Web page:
‘When you build a health clinic, you’re also creating part of the infrastructure for fighting epidemics. 

‘Trained health care workers not only deliver vaccines; they can also monitor disease patterns, serving as part of the early warning systems that alert the world to potential outbreaks.’

Gates urged governments to invest in ‘disease surveillance’ including a global ‘case database’ that allows governments to quickly share information. 

‘In addition, we need to build a system that can develop safe, effective vaccines and antivirals, get them approved, and deliver billions of doses within a few months after the discovery of a fast-moving pathogen,’ he wrote. 

‘That’s a tough challenge that presents technical, diplomatic, and budgetary obstacles, as well as demanding partnership between the public and private sectors.

‘But all these obstacles can be overcome.’

Gates wrote that governments and the private sector will need to come together and invest billions of dollars in order to prepare for the next pandemic.

‘Billions of dollars for antipandemic efforts is a lot of money,’ he wrote. 

‘But that’s the scale of investment required to solve the problem. 

‘And given the economic pain that an epidemic can impose – we’re already seeing how Covid-19 can disrupt supply chains and stock markets, not to mention people’s lives – it will be a bargain.’ 

Besides technical solutions, Gates called for better diplomatic efforts to drive international collaboration and data sharing, and increased government spending on drugs and vaccines that would give private companies incentives to take up such efforts. 

Gates’ plea was echoed on Friday by the World Health Organization, which said the risk was very high that the virus would spread and have a global impact.

The WHO implored governments to swing into action to contain the virus before it becomes widespread. Such actions could slow the virus, giving nations more time to prepare, officials said.

‘Health systems around the world are just not ready,’ Dr. Mike Ryan, head of the WHO emergencies program, told a news briefing.


The deadly flu virus attacked more than one-third of the world’s population, and within months had killed more than 50 million people – three times as many as World War I – and did it more quickly than any other illness in recorded history.

Most influenza outbreaks disproportionately kill juvenile, elderly, or already weakened patients; in contrast the 1918 pandemic predominantly killed previously healthy young adults.

Red Cross volunteers fighting against the Spanish flu epidemic  in United States in 1918

To maintain morale, wartime censors minimized early reports of illness and mortality in Germany, Britain, France, and the United States.

However, newspapers were free to report the epidemic’s effects in Spain, creating a false impression of Spain as being especially hard hit – and leading to the pandemic’s nickname Spanish flu.

The close quarters and massive troop movements of World War I hastened the pandemic and probably both increased transmission and augmented mutation, researchers believe.

The global mortality rate from the 1918/1919 pandemic is not known, but an estimated 10% to 20% of those who were infected died, with estimates of the total number of deaths ranging from 50-100 million people.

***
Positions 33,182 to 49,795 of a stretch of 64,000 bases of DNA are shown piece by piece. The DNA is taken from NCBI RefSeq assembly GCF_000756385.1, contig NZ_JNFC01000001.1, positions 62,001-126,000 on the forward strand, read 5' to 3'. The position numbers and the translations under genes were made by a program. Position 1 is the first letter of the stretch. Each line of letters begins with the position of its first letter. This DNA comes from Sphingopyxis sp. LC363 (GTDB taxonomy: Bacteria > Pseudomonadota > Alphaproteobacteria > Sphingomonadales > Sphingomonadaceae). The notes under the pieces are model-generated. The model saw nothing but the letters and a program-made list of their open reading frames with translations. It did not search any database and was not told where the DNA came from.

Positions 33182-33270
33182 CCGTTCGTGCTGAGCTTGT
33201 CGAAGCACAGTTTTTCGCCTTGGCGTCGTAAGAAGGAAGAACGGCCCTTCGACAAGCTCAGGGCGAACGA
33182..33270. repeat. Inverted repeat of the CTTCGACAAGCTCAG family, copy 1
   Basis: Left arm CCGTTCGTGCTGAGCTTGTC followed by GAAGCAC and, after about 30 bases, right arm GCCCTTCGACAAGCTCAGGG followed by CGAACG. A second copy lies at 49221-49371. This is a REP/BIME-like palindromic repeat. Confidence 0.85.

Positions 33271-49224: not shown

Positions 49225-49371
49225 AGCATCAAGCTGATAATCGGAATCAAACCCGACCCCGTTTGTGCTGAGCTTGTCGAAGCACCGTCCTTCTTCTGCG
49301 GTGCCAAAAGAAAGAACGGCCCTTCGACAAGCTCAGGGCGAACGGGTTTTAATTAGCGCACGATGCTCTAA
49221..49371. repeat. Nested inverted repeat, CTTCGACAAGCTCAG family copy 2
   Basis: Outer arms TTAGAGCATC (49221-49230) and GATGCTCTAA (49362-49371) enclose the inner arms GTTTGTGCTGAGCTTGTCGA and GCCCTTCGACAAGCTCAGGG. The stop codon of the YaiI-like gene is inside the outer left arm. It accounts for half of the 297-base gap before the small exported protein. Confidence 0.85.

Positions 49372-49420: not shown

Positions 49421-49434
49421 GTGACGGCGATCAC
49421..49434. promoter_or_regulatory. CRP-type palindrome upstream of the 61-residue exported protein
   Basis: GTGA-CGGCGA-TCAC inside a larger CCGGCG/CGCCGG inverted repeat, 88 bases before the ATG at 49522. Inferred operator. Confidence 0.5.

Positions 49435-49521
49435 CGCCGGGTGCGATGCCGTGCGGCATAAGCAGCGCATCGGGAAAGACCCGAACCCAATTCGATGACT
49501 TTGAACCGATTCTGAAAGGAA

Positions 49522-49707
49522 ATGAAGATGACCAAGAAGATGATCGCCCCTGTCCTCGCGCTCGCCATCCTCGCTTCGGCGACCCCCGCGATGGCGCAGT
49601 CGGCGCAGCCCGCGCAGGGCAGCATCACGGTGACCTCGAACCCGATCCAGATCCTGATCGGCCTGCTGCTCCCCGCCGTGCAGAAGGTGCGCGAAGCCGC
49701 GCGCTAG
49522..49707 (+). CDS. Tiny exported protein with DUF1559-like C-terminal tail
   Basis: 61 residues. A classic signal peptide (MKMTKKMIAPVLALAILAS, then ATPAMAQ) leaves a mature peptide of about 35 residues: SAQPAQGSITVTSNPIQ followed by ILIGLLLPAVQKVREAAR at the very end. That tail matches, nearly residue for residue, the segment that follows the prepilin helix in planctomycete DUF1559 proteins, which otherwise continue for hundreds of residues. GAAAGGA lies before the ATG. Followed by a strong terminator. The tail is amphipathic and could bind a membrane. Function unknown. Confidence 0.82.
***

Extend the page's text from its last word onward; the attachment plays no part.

As many as 100 healthcare workers may have been exposed to the California woman who went four days untested for coronavirus.  

The doctors and nurses are from the University of California Davis Medical Center, where the woman is being treated, and from NorthBay VacaValley Hospital.

”There were multiple health care personnel who were exposed to the individual,’ Dr Bela Matyas, public health officer from Solano County, said at a news conference on Thursday. 

‘At both hospitals we are at present aggressively evaluating everyone who may have had contact with this patient. They are being identified and their risk for exposure is being assessed.’ 

Some are under isolation, some are under quarantine and others have been sent home to continuously monitor their status. 

As for the patient, she is reportedly in very serious condition and is currently intubated, Rep John Garamendi (D-CA) told CNN.

Doctors requested a test for the virus, but the Centers for Disease Control and Prevention (CDC) ruled out the disease because the patient ‘did not fit the…criteria’ for testing. However, after the woman’s medical team persisted, a test was finally performed on Sunday. 

Health officials have been stumped by the woman’s case because it’s unclear how she contracted the disease. She didn’t travel abroad, wasn’t exposed to another infected patient , and she wasn’t repatriated from China or the Diamond Princess cruise ship in Japan.

Instead, ‘this does appear to be a person who genuinely did acquire their illness in the community,’ Dr Matyas sai. 

According to the CDC, the patient, could be what is known as the first instance of ‘community spread’ of the virus, and more cases like hers will soon follow.

More than 83,000 people have been infected in more than 50 countries and more than 2,800 people – mostly in China – have died.  

There are at now at least 62 coronavirus cases in the US including 15 from the nation, 44 evacuated from the Diamond Princess cruise ship and three repatriated from China.